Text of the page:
i believe ive heard of the circle before, but very interesting none the less...
  8. suburbian bum

    suburbian bum 12oz Loyalist

    Joined: Jan 30, 2001 Messages: 14,673 Likes Received: 3
    I like this, tell us more man.
  9. KaBar

    KaBar Senior Member

    Joined: Oct 9, 2001 Messages: 1,397 Likes Received: 28
    Union Hall Frisco

    I'm not too sure whether or not I explained the Maritime Union hall ettiquette very well. Maritime Unions operate on "seniority," which means the oldest, longest tenure members get preference. This works against new guys, because unless nobody wants that job, new guys don't really have much of a chance. It discriminates against johnnie-come-latelies, who weren't there when the hard work of organizing the union and getting a contract was done. The old guys, who usually were there when the union was first organized (sometimes these guys are called "charter members" or "plank holders"--they were the orginal builders of the union local) are given preference over everybody else, according to UNION CARD NUMBER. If you've got card # 150, you beat out everybody else for a job except card # 149 and below.
    When the maritime unions hold a job call, everybody who has been hanging out all morning in the hall drinking coffee and playing dominoes or cards, gathers around the frisco table, and the B.A. (the Business Agent) calls out the job according to the union's rule book--the ship's name, the job, the reporting time and so forth. Everybody already knows the pay scale--it's a union job. The new guys have been hanging around a while and know who the senior cardholders are, usually by name and on sight. So if one of the old guys who has an "A" card is throwing down, the "B" and "C" card holders don't bother. But if no "A" card holders are present, everybody throws down in the hopes of catching out.
    If you are a new guy and you are desparate to work, you make friends with an older guy who has a low number "A" card. He throws down on the frisco, and gets the job, maybe something like being a Scullery hand on an oil tanker. These guys chop vegetables, wash pots and pans, swab the galley, etc. They are like cook's helpers. The job pays about $13 or $14 an hour. You work two shifts--a four-hour watch from 0400 to 0800 (breakfast) then two hours lay-out, then another four hours from 1000 til 1400 (lunch.) If you work breakfast and lunch, somebody else works dinner and mid-rats (midnight rations--usually cold cuts and sandwiches for the dog watch.) You're making about $112 a day, or about $17,000 a year for SEVEN MONTHS WORK. The other five months, you draw unemployment or work another job, or--go ride freight trains. The union contract will only allow you to work seven and a half months a year on ships.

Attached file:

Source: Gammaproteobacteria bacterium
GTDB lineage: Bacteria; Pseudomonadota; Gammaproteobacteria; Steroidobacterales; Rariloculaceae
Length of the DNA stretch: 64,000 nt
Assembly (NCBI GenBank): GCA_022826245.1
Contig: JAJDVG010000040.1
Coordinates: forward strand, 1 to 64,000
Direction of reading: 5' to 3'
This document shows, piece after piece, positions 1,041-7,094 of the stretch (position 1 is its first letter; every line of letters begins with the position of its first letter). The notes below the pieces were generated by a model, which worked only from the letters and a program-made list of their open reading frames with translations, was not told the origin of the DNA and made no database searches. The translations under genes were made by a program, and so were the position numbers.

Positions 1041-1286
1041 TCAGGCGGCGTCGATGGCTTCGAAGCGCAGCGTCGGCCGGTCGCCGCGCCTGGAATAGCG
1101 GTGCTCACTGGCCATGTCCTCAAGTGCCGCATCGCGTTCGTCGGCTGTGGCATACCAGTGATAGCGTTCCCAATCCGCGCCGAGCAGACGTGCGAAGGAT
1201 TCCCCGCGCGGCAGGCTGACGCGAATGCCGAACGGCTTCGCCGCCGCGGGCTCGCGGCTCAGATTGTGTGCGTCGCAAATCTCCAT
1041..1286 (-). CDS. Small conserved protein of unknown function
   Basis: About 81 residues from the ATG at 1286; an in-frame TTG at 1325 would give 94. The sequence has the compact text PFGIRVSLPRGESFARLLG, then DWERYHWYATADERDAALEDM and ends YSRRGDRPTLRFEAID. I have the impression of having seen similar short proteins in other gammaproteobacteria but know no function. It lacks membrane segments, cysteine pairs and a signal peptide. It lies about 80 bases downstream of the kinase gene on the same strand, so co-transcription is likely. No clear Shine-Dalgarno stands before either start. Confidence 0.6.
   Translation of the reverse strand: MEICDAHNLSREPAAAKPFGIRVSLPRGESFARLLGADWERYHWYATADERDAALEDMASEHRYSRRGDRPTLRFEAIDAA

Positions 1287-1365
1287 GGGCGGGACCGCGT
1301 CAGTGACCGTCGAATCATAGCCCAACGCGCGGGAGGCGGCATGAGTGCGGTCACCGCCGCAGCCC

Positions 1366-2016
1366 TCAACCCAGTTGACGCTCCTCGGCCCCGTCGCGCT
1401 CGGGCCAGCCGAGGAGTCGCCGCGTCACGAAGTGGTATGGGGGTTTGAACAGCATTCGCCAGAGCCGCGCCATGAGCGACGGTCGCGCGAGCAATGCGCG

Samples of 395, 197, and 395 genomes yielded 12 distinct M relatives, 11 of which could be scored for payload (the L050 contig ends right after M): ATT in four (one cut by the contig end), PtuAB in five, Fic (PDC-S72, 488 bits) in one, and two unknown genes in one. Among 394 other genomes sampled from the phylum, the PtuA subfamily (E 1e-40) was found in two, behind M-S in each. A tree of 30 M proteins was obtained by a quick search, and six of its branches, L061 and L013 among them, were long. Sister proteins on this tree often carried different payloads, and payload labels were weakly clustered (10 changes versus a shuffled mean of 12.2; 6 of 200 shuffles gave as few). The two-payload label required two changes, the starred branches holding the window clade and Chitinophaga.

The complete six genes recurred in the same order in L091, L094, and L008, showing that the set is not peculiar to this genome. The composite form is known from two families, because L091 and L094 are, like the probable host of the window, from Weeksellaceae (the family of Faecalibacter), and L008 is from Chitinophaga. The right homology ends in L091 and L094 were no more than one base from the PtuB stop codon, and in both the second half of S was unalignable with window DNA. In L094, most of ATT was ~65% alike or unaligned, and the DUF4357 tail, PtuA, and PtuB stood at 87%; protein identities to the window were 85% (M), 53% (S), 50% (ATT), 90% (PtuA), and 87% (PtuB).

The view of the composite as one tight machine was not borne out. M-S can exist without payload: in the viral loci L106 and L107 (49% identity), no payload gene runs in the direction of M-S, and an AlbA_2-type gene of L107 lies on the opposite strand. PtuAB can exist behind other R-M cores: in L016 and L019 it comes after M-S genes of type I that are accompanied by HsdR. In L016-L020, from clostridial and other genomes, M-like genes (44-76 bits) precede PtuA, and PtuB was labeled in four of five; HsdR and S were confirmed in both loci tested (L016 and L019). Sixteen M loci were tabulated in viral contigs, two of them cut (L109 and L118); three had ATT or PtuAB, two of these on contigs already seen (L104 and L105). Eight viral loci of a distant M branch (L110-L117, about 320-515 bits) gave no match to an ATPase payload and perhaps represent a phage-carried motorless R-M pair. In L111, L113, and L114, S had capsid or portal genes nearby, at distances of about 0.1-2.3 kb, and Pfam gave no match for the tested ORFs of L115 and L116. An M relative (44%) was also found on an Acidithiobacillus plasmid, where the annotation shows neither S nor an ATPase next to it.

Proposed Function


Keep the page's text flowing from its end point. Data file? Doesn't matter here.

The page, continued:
There are two job calls a day, but the morning job call has 90% of the work. The second call is at 4 p.m. Almost nobody shows up.
    Your friend, who threw down on the Scullery job, calls the B.A. at 3:30 p.m. and says, "Gee, I'm sorry, but I'm sick and I can't ship out." The B.A. (who has been clued in advance by your friend) goes out in the Hall and says, "I've got a no-show--who wants to throw down?" Of course, there is nobody there but you. You throw down your "C" card, and the B.A. ships you. When he "comes quayside to see you off" and shakes hands, you slip him ten $100 bills rolled up with a rubber band. If you spend one single eight-hour shift on a ship, you go from "C" card up to "B" card. It will take you 71 hours of pay to earn back the B.A.'s cut. You are living rent free, free food, free everything on board a ship. At the end of 7-1/2 months, you'll have earned $17,000 minus taxes and the bribe to the B.A.
    Once you have a "B" card, you can work much more regularly. Eventually, you'll work your way up to an "A" card. It probably will take you several years, unless a lot of older members die off or retire.
    If the captain of the ship or the mate likes you, they can "work a deal" with the Union to keep you from getting bumped off the ship.
    Bribing people seems unfair and wrong, and it is. But in the real world, you've got to KNOW SOMEBODY to become a merchant sailor.
    It ain't romantic, it's kind of hard-assed. But it's the truth. And it's a pretty long way from the original Frisco Circle.
  10. Agent Uprise

    Agent Uprise New Jack

    Joined: Feb 17, 2002 Messages: 70 Likes Received: 0
    Damn KABAR!!!

    Is there anything you don't know? Im gonna kidnapp you and sell you to the Smithsonian.
    Peace and thanks AGAIN for the knowledge
  11. KaBar

    KaBar Senior Member

    Joined: Oct 9, 2001 Messages: 1,397 Likes Received: 28
    LOL--Agent Uprise, haven't you noticed? I only talk about stuff I already know about. If you were to ask me about something I hadn't already done, I'd sound like a cherry dumbass.